The court granted judgment against Aviles on the second claim, national origin harassment, because Aviles had made no such claim in his EEOC charges, as required by law. On the retaliation- by-suspension claim, the court granted judgment for Cornell Forge because the company suspended Aviles before it knew he had filed the initial EEOC charge, and thus the action could not have been retaliatory. The court engaged in a burden shifting analysis of Aviles' claim of retaliation-by-demotion, and found that, although he made out a prima facie case, Cornell Forge responded with a legitimate, non-discriminatory reason for its actions, shifting the burden back to Aviles. Because Aviles produced insufficient evidence that Cornell Forge's reason was pretextual, the court granted judgment on that claim as well. Finally, the court entered judgment on the claim that Cornell Forge retaliated by prompting the police to injure Aviles because the employer's action was not related to Aviles' employment. Aviles timely appealed.


Aviles first posits that the court misread his deposition testimony when it found that Cornell Forge was not aware of the EEOC charge until after the suspension, and thus summary judgment was inappropriate on that claim. Second, Aviles claims that Cornell Forge's excuse for denying him overtime was pretextual, precluding summary judgment on that claim as well. Finally, he argues that the court inappropriately entered judgment sua sponte on the retaliation claim relating to the alleged police action when it found that Cornell Forge's action was not work- related.


In a confusing exchange during his deposition, Aviles testified about telling Cornell Forge personnel about the filing of an EEOC charge:

Q: Did you tell anybody that you were going to be filing a charge of discrimination?

A: Yes, I did.

Q: Who did you tell?

A: Not on May 16, but I did mention to Tom LeFaive that I threw a charge with the EEOC.

Q: When did you tell Tom LeFaive that?

A: That was May 26, 1994. And Mike Chlopek was there, too.

Q: Is that the first time you told anybody at Cornell Forge that you filed a charge of discrimination?

A: Not really, because my co-workers there, they knew it too.

Q: Okay. Well, I'm not talking about your co- workers right now, but any other management person?

A: Yes, management. Andy knew about it. Andy, Tom LeFaive, Mike Chlopek and Pat Kennelly knew that I had thrown a charge with the EEOC.

Q: How did they know?

A: I told them myself.

Q: So you told then all, though, on May 26th?

A: On May 26th when I got suspended.

Q: So you told them after you were already suspended?

A: Yes, after.

. . . . .

Q: That's the first time you ever told any member of management or any supervisor that you had filed a charge of discrimination against Cornell Forge Company?

A: Yes.

Deposition of Alfredo Aviles, May 13, 1997, Record at 28, pp. 152-53. The defendant took this exchange to mean that Aviles told no one about his EEOC charge until after they suspended him, and therefore the suspension could not have been in retaliation for filing the charge. Aviles filed an affidavit in response to this argument in which he explained that he threatened to file a charge before May 16, 1994. Specifically, he averred that he told his supervisor Pat Kennelly before May 16 that he had talked to a lawyer and was going to file a charge of discrimination. The district court found that this affidavit contradicted the earlier deposition testimony, and held that a self-serving affidavit that contradicted earlier deposition testimony could not be used to create an issue of fact. Aviles argues on appeal that the affidavit does not contradict his earlier testimony because at the deposition, he was answering questions about when he told Cornell Forge that he had already filed a charge; his claim for retaliation was based on the suspension that occurred after he threatened to file a charge, not after he actually filed it.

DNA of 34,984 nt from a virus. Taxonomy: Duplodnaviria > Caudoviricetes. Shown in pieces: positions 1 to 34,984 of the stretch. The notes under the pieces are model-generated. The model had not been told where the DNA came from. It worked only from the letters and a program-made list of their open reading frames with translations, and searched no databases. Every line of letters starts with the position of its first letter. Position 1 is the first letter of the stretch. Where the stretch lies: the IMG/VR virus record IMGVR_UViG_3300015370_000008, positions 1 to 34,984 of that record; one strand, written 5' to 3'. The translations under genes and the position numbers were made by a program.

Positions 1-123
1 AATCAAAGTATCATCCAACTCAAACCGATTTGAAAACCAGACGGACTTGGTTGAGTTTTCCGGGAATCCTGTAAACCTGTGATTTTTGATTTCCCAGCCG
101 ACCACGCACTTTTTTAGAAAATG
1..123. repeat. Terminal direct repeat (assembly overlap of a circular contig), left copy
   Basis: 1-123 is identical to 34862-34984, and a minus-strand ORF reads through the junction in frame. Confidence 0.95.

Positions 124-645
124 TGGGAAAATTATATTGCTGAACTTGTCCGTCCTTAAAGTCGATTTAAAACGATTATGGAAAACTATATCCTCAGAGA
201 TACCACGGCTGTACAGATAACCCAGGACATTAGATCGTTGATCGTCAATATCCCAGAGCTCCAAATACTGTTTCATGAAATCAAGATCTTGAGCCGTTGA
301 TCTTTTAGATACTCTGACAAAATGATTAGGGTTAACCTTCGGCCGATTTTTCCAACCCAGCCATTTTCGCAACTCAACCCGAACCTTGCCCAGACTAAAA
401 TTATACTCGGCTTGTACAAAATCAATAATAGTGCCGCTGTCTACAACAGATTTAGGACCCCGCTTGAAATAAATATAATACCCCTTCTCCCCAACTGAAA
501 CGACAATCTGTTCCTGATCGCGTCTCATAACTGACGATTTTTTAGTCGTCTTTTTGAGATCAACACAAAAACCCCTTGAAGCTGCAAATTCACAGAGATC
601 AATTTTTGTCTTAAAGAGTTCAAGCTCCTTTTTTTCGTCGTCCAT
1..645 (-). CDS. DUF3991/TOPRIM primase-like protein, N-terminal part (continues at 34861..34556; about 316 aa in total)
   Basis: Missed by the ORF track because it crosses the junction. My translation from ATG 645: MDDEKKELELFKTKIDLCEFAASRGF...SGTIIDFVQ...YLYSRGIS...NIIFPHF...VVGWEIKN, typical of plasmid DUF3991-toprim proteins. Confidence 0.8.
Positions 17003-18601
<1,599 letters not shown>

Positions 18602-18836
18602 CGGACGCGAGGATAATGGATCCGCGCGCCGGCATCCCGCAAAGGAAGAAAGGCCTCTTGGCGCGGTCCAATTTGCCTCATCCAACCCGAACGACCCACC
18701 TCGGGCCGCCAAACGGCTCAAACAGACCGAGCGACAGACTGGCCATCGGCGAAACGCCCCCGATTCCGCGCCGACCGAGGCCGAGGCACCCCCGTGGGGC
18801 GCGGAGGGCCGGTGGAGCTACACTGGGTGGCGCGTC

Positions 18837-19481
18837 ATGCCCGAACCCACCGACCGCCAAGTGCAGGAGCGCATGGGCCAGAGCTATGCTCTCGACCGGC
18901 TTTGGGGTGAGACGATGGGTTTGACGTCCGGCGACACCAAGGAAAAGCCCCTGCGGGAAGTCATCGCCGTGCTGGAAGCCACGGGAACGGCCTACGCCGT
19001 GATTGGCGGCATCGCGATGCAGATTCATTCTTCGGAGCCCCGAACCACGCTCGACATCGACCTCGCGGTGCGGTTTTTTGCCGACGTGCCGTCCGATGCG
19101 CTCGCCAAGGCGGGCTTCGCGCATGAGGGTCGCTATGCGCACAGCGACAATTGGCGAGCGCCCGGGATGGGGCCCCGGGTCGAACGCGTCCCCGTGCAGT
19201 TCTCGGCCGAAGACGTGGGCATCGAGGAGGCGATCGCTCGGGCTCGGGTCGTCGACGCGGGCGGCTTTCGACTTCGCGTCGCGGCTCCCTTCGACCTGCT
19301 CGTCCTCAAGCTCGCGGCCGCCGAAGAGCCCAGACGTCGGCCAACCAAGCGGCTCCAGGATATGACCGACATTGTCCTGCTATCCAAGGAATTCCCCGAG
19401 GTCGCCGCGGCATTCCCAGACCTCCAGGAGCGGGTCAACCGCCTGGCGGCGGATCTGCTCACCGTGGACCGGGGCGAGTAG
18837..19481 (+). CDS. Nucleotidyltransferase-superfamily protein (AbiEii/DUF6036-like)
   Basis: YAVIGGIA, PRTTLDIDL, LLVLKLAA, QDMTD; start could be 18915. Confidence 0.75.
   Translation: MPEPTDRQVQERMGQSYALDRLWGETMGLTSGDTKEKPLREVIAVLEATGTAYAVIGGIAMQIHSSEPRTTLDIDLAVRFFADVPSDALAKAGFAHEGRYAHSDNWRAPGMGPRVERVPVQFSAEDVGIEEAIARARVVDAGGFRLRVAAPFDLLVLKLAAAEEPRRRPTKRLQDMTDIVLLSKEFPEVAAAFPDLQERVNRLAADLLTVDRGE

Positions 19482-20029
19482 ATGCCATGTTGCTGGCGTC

Cornell Forge answers that Aviles never claimed in any EEOC charge or in his complaint that the protected activity was a threat to file a charge, rather than the filing of the charge. In his EEOC charge, Aviles asserted that he was suspended after filing his May 16, 1994 charge of discrimination. In his complaint, Aviles alleged that he was suspended shortly after filing the May 16, 1994 charge. He never claimed that the suspension was in retaliation for threatening to file a charge. Our review of the record shows that Cornell Forge is factually correct. Aviles did not claim that the suspension was in retaliation for threatening to file a charge until he was responding to Cornell Forge's motion for summary judgment. But both sides, it seems to us, are missing the point.

First, the district court was incorrect that Aviles' affidavit contradicted his earlier testimony. In answer to the first deposition question, Aviles indicated that he told someone at Cornell Forge that he was going to be filing a charge of discrimination, indicating that he told Cornell Forge before he actually filed a charge. But in response to the second question, Aviles and the questioner arguably switched gears and...